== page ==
This would be the benefit of keeping ALL of your plastic trash for a week long period. You are really able to see how much you're throwing out. One doesn't necessarily have a grasp on how much they're contributing to the landfill, even if they're the one taking the trash out to the curb on garbage day. When you're able to actually see the pile growing larger it's far easier to understand the impact your house has on the health of our planet.
And that's what this is really all about. I write a food blog, and maybe you wonder why I'm so hung up on this whole plastic issue sometimes. I write a food blog not only because I am a nutritionist and have interests in health, but also because I am (to a small degree) a bit of a foodie. Call me a food-snob if you wish. I love to cook food, smell food, prepare food and most importantly eat it!
Growing up in a household that was the product of a divorce there was understandably not much money to go around. The quality of the food we ate sometimes wasn't "up there". I mean no disrespect whatsoever to anyone who contributed in any way to my childhood, but I can only speak the truth. As a (likely direct) result, I have a passion for good food. I seek out organic, I seek out local & I seek out artisanal on top of (of course) gluten free. And in order to grow good, organic, local food you need to start with good dirt.
Taking care of our planet is critical in being able to grow nourishing tasty food. For many years we as a society have taken advantage of mother earth, and for many more years to come we will pay the price. I am a firm believer that everything happens for a reason. Cause & effect. Karma's a bitch my friends, and that's all the more reason to start a garden in your backyard this year. It's never too late. Choose healthy, quality ingredients to bring into your kitchen (YOU can be your own quality control!). The freshest of those can be harvested from your very own land. Whether it be container gardening on your 12th floor apartment building (like we did last year- here's a great place to start) or by ripping out the Hostas from the landlords flowerbed to make room for carrots.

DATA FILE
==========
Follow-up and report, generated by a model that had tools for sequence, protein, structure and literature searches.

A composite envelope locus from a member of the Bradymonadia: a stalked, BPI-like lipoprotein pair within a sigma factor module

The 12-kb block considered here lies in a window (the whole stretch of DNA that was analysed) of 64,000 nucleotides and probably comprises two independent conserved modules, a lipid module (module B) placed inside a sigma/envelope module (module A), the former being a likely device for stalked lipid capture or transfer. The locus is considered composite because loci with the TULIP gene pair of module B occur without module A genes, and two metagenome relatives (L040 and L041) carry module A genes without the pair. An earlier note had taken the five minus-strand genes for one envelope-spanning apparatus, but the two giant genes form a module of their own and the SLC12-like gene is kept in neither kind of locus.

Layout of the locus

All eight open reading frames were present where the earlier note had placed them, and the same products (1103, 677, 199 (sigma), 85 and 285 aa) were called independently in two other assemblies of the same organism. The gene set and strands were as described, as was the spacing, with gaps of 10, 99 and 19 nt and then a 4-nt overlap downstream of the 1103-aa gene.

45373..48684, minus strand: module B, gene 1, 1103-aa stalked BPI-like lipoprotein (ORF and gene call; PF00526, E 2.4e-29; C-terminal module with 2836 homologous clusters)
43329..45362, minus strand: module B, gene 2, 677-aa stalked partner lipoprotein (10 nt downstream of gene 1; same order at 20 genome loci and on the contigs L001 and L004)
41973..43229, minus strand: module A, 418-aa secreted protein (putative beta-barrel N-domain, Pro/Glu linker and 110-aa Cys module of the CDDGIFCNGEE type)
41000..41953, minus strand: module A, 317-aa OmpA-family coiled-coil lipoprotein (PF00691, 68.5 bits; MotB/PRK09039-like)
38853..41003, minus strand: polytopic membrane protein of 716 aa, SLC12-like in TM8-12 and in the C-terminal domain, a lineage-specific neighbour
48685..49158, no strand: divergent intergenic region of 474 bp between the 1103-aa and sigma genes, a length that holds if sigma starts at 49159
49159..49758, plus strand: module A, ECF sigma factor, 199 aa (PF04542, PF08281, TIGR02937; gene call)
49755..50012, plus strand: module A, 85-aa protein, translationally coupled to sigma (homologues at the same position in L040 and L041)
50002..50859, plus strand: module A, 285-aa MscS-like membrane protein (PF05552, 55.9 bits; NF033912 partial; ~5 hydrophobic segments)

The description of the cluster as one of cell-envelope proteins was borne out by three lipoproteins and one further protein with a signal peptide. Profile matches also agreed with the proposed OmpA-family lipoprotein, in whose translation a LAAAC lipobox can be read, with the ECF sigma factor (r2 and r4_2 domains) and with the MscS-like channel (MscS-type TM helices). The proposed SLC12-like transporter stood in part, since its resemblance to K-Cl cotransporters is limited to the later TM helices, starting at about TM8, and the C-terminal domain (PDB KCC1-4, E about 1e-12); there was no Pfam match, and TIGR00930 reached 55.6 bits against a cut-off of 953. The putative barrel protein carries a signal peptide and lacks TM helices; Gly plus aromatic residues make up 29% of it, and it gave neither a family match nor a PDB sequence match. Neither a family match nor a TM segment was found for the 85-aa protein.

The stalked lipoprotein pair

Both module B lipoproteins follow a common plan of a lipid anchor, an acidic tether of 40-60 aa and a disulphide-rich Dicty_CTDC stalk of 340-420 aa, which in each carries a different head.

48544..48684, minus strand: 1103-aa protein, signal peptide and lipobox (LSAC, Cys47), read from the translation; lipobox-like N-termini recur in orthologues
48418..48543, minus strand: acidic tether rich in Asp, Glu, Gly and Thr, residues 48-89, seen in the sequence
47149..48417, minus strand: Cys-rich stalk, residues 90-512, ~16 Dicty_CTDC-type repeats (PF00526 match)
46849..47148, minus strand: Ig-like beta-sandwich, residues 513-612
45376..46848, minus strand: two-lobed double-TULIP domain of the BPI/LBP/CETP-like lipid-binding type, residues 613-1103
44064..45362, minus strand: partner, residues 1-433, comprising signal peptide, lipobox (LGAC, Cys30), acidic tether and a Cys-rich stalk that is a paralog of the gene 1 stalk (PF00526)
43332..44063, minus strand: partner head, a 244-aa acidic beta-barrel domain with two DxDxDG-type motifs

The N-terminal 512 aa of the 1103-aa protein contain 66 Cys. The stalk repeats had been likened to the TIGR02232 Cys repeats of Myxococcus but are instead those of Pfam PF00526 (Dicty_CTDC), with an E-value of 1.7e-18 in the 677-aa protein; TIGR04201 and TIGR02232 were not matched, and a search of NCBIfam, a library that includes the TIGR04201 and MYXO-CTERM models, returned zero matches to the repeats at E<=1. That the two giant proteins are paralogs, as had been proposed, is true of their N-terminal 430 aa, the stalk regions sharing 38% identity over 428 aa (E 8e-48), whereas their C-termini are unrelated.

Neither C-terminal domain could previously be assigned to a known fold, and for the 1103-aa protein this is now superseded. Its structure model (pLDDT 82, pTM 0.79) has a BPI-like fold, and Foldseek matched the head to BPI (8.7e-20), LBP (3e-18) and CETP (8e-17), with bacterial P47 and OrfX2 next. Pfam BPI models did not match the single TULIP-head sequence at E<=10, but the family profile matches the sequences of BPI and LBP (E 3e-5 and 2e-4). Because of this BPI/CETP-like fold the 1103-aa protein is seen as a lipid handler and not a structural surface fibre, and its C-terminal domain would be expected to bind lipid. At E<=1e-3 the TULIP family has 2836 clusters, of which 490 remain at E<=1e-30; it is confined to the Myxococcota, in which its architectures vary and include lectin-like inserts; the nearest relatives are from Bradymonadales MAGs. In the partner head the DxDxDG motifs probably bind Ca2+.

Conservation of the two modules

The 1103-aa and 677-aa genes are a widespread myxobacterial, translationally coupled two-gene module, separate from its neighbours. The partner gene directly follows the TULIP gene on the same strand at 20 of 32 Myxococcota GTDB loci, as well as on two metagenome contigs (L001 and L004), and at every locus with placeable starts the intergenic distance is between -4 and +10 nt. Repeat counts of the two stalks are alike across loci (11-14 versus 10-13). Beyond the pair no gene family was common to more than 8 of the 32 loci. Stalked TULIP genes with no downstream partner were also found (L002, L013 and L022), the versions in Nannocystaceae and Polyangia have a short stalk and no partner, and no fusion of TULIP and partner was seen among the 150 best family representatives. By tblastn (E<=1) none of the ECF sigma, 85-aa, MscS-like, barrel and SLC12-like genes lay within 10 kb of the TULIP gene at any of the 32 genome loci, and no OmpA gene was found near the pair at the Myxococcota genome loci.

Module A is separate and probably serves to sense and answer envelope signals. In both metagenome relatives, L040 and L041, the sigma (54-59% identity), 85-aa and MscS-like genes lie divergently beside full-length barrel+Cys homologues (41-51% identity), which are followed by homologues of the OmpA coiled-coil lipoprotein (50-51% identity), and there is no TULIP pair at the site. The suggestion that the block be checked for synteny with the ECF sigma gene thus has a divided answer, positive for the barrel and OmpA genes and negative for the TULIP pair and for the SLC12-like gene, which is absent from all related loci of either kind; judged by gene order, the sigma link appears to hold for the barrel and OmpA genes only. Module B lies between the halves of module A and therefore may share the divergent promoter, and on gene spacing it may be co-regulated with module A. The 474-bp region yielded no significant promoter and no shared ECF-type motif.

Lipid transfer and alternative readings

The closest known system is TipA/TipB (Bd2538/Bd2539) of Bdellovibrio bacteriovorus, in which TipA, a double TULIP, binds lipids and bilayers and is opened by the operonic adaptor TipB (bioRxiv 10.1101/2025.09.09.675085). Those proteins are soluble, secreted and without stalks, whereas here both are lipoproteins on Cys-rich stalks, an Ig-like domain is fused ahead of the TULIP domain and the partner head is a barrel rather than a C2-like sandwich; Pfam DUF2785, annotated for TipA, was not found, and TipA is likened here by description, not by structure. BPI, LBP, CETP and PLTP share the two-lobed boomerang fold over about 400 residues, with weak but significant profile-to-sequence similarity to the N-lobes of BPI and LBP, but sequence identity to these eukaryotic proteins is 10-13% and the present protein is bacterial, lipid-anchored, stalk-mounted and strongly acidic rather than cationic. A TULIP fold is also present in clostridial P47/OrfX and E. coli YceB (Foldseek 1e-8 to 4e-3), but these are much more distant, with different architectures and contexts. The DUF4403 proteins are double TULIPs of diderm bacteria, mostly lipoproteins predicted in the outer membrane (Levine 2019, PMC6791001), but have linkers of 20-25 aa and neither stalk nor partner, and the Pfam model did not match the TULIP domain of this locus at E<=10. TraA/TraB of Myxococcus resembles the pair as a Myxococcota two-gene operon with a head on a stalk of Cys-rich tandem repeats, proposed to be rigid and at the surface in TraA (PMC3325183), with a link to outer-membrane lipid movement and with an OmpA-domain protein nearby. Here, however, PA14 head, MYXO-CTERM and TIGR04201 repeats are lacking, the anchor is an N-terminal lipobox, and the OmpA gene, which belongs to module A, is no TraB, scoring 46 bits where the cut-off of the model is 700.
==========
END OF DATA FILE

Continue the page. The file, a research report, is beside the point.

We bury our compostables at the base of this rhubarb plant, which makes for a jungle of tart red stalks. Food that comes in a compostable package (I'm not talking about sunchips bags, here) is that of nature. The trimmings from a head of lettuce or a bunch of carrots (okay, our bunny gets those), eggshells, soggy spinach, potato peelings, pear cores, avocado shells: these will all feed your soil. Don't throw them out. Feed mother nature, and she will in turn feed you back. Choose to buy groceries that you can bury under the rhubarb plant, raspberry bush or elm tree rather than those that need to go in the garbage can.
|Our backyard tomato plant|
My grandparents have been living in the same house for the last 36 years with a garden in the back. For the last few years the veggies really haven't been thriving. They've tested the soil a few times & even had a few truckloads of manure dumped on it with hopes resurrecting the bountiful garden they've always known, but again this year with no luck. When you fail to nurture something as important as the soil that grows your food, the soil will neglect you back. When you take advantage of the planet you live on, it too will fail to provide its end of the bargain.
Reduce first & foremost before you reuse or recycle. Show your support for our little blue planet by limiting your plastic consumption. It does make a difference.